The drinking water of 20 per cent of the country is at risk – and an inquiry has recommended all drinking water be urgently treated.
The inquiry into Havelock North's drinking water contamination released a damning 296 page report into the safety and security of New Zealand's drinking water supply.
It makes 51 recommendations and says urgent action is needed.
It's the second stage of an inquiry launched following the August 2016 water contamination in Havelock North, which left 5000 people sick.
Led by Hon Lyn Stevens, Dr Karen Poutasi and Anthony Wilson, it says: "These findings point to a widespread systemic failure among water suppliers to meet the high standards required for the supply of safe drinking water to the public.
"The industry has demonstrated that it is not capable of itself improving when the standards are not met."
Eighty per cent of New Zealanders live in areas where the inquiry has determined that water standards are adhered to – generally people on reticulated water systems.
But the recommendations made in the report are focused on bringing the rest of the country up to standard – those who rely on untreated water in places like Hawke's Bay, Christchurch and Lower Hutt.
A number of recommendations need to be made urgently, the authors say.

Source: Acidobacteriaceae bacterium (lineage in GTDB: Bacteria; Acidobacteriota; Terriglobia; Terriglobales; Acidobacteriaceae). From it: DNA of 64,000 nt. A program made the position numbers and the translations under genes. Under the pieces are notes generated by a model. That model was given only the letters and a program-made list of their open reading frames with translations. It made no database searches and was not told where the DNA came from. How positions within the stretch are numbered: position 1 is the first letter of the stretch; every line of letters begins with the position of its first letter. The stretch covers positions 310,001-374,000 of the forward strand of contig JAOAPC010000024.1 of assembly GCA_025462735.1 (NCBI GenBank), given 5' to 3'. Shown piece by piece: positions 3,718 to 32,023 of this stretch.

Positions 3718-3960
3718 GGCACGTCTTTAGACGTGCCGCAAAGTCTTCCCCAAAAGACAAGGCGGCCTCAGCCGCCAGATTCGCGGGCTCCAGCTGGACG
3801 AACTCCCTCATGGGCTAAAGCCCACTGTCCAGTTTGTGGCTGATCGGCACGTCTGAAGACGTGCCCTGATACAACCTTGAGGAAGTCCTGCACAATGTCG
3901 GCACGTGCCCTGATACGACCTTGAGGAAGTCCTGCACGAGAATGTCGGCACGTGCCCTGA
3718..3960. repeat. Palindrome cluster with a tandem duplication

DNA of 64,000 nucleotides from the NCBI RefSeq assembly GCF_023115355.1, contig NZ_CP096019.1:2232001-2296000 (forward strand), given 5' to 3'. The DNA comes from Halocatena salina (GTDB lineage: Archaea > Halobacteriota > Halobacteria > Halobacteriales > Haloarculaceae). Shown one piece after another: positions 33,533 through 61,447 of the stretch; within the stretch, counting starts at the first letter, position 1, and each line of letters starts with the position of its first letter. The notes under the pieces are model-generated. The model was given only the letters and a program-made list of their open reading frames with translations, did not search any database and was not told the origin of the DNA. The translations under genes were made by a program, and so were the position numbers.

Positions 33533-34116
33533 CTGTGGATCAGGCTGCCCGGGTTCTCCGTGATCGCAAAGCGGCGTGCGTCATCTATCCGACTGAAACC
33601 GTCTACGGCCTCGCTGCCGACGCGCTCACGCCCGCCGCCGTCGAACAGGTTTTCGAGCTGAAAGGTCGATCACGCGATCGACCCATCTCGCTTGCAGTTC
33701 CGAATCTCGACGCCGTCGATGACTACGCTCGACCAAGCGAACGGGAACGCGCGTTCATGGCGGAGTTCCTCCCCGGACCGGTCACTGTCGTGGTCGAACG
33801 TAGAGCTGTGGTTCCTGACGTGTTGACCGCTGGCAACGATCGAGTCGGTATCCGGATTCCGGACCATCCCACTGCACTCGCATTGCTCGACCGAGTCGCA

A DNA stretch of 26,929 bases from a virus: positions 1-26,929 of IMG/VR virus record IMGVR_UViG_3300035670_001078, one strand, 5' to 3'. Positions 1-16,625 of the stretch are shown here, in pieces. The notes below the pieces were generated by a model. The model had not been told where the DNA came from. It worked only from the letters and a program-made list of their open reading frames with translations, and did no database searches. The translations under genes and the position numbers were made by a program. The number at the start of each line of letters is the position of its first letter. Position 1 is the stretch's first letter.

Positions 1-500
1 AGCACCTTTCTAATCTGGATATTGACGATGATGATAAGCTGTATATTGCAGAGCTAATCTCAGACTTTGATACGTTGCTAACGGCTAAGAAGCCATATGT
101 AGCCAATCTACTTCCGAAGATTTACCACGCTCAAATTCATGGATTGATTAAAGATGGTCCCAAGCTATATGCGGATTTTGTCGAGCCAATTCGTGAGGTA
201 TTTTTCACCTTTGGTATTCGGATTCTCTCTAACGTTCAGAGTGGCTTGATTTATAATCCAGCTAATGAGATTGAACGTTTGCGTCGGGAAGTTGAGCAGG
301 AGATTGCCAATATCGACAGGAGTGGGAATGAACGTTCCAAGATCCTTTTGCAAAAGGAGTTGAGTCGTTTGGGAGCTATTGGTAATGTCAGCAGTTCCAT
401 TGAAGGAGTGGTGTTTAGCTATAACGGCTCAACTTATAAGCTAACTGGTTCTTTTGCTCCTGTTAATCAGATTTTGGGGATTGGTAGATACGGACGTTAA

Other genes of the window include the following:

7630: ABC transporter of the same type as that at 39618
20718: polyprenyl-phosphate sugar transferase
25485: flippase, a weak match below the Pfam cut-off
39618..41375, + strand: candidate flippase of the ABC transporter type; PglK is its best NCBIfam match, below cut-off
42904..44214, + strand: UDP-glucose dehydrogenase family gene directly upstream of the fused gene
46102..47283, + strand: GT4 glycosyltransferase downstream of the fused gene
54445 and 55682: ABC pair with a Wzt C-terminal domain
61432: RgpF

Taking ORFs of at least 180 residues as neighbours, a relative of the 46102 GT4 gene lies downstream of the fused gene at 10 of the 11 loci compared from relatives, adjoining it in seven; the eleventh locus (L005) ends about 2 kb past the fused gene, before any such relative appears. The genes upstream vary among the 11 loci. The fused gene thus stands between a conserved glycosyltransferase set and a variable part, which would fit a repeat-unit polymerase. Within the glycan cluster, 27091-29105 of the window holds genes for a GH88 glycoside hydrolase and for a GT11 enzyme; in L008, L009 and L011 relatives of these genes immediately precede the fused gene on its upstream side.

That includes universal treatment of all drinking water – likely to be controversial and expensive.
It says the Ministry of Health needs to overhaul drinking water standards and introduce six new principles aimed at ensuring a safe and secure supply.
"The Director-General of Health can and should, in the interests of public safety and welfare, exercise effective and practical leadership to encourage water suppliers to use appropriate and effective treatment without delay."
A whole new drinking regime should be introduced, and offences created of supplying water unfit for human consumption – with costs if convicted of an offence.
"Complacency" over water supply by a number of authorities is also a problem.
Two recommendations directly relate to the Havelock North contamination - no new underground bores should be permitted and clearer advice must be provided when boil water notices are issued.
Local Government Minister David Parker says the Government is now considering the recommendations, and is addressing some of them straight away.
"The Government has today written to Mayors and DHBs throughout New Zealand. We've asked them to check the water they’re supplying residents meet current standards, given the report finds significant non compliance."
The Health Minister will urgently brief Cabinet – before Christmas – on the next steps, short and long term.
Mr Parker says it is a matter of priority for the government.